5 Day Guide to Happiness in Knysna

Super-Sensory Biomimicry Safari
March 28, 2017

5 Day Guide to Happiness in Knysna

We had never met but still made ourselves at home in each other’s house for a couple of weeks. It was my first Home Exchange and I lucked out in a stylish, spacious and very neat holiday home in Knysna’s des-res Leisure Isle.

So what to do in Knysna?  As a sporty hedonist I love a bit of physical activity followed by something sublime on a plate. Encouraged by Knysna Tourism I achieved both every day.

Here’s my 5-Day Guide to Happiness in Knysna……..

DAY 1

Do: Tony Cook Adventures has a garden full of toys on Leisure Isle for messing about on the water or in the woods; stand up paddle boards, kayaks, surf skis, kite surfing kits, mountain bikes…with lessons to go with all the gear. I headed out onto a flat calm Knysna lagoon on a stable, unsinkable kayak and paddled in a sort of meditative trance brought on by the beauty.

Eat: I haven’t been to anything else quite like Kilzer’s Kitchen’s hilarious ‘Cook ‘n Look’ evenings, where Jenny (the funny one) and Albin (straight-faced) spar while cooking up a feast in their sunken kitchen as guests look on. It’s easy to get into the happy-go-lucky spirit of the evening (with the help of your own BYO) at this family culinary event that caters for up to 70 dinner guests.

 

DAY 2

Do: Biomimicy Walk in Knysna Forest.  Sue Swain of Biowise had to get us thinking laterally about how the genius of nature can inspire design. We started by matching photos of engineering, design and architecture with nature’s original and better version; like how the shape of the high-speed Japanese bullet train had to be revised after it was built, to mirror a Kingfisher’s beak because the train created a sonic boom when the front was too rounded. This was just the start of a new look at the world around us while walking through the famed Knysna Forest.

Eat:  Nutrilicious Kitchen; Modern research now acknowledges that bad guts are the cause of a whole lot of ills. This is where Dr Geraldine of Nutrilicious Kitchen comes in. Her cookery workshops demonstrate how you can love what you eat while cutting out the worst culprits to good gut health like, gluten, sugar and dairy.  Try her Snack Attack, Hormonal Harmony or Deserts with Benefits workshops for inspiration to eat well all the time.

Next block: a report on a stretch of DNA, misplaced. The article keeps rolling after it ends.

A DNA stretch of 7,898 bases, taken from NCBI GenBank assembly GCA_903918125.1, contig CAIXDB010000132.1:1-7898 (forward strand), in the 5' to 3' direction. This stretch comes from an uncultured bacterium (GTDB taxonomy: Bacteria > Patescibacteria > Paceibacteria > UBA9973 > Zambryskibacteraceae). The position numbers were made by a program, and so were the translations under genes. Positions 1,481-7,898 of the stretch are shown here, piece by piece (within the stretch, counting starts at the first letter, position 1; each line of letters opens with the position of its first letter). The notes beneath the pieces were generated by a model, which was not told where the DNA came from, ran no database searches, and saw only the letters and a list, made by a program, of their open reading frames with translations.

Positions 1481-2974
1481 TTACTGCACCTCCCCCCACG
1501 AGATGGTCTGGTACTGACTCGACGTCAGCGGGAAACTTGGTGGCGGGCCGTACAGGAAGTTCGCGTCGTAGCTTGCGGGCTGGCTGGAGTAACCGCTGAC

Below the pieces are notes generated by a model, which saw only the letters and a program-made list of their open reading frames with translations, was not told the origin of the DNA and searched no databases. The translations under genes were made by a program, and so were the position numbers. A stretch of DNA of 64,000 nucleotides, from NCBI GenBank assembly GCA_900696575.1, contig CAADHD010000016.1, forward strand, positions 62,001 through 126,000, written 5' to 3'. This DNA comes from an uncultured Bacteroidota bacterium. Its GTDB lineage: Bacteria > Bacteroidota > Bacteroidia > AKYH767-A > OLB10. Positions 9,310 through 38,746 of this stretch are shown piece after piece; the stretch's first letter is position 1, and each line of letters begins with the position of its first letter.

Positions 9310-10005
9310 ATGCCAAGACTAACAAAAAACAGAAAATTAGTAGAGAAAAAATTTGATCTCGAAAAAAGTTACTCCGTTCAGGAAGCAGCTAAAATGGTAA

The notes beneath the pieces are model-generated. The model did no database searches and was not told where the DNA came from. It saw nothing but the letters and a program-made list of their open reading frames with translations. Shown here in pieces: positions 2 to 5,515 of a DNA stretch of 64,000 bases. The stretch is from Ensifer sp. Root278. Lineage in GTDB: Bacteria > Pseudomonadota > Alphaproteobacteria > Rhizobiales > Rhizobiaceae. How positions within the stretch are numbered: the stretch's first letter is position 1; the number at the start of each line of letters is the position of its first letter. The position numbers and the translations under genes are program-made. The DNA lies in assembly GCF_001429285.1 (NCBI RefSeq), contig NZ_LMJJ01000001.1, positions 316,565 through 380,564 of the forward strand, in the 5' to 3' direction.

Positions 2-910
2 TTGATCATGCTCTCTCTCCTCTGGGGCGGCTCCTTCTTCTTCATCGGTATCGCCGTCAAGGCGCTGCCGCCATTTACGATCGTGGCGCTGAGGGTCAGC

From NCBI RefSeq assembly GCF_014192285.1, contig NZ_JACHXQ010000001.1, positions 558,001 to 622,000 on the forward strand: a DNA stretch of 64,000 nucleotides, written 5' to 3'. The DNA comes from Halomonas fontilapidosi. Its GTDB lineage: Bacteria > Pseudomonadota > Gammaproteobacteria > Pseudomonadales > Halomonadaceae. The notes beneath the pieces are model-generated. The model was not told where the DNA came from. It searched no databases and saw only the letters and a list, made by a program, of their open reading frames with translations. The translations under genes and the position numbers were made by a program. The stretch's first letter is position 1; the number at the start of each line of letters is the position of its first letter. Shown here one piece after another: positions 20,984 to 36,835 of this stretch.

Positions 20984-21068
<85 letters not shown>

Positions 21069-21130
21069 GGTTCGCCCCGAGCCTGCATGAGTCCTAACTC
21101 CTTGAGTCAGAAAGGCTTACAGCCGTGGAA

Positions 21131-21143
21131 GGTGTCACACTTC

DAY 3

Do: Knysna Heads Walkabout. The path that wanders up and down the rocks at the base of the East Heads cliff has to be walked before or after eating at East Head Café (below). It’s impossible to take a bad photo from this path as the golden sandstone is the perfect contrast against the blue sea and white waves. Then drive (or puff your way) up to the top of the East Head and witness added scenic drama from up high at dedicated viewing platforms looking out over the lagoon and through the narrow heads out to sea.

Eat: East Head Café became my ‘go-to’ eating place for breakfast or lunch in Knysna because it offers great service, a lusty lagoon view and food that never fails to hit the spot. Expect to queue on sunny weekend mornings (still worth the wait).

 

DAY 4

Do: Anne of Knysna Hike & Bike is one fit veteran sportswoman who has nothing to prove and everything to share about the places she loves in and around Knysna. I’m more of a hiker than a biker, but reckon I could mount a bike if it’s got wine and food interspersed with the effort, as in the Crags Wine and Bubbly Cycle. You could do this as a walking tour, but a bit of effort makes it more worthwhile.

Eat: The only way is up, to reach The Mount Knysna 5-star boutique hotel perched on the East Head with vertiginous views. Sit on their pool terrace drink in hand before heading to your table in their small and exclusive restaurant for food and service that leaves nothing to want. It’s on par with any international experience, no….it’s better! And they have their own private cinema.

DAY 5

Do: Springtide Sailing Charters; seen the heads, been on the lagoon, now it’s time to sail it! There’s effort in watching someone else pull ropes, haul sails and navigate through one of the narrowest, most difficult sea entries/exits along the Cape coast. Come winter the migratory whales arrive giving heightened chances of seeing them.

Eat: Ile de Pain is a Knysna food institution of the French sort on designer-clothed Thesen Island. It’s created by foodies, fundi’s, artisans and dreamers who conjure up irresistible breads and patisseries, delectable breakfasts and lunches, but not dinner. They are generous enough to put some recipes on their website, so I’ve cheekily asked for the recipe of the roasted cauliflower puree dish that I devoured and now dream about!

 

This just scratches the surface of things to do in Knysna? Help me complile the full list…tell me what are your favourites in Knysna?

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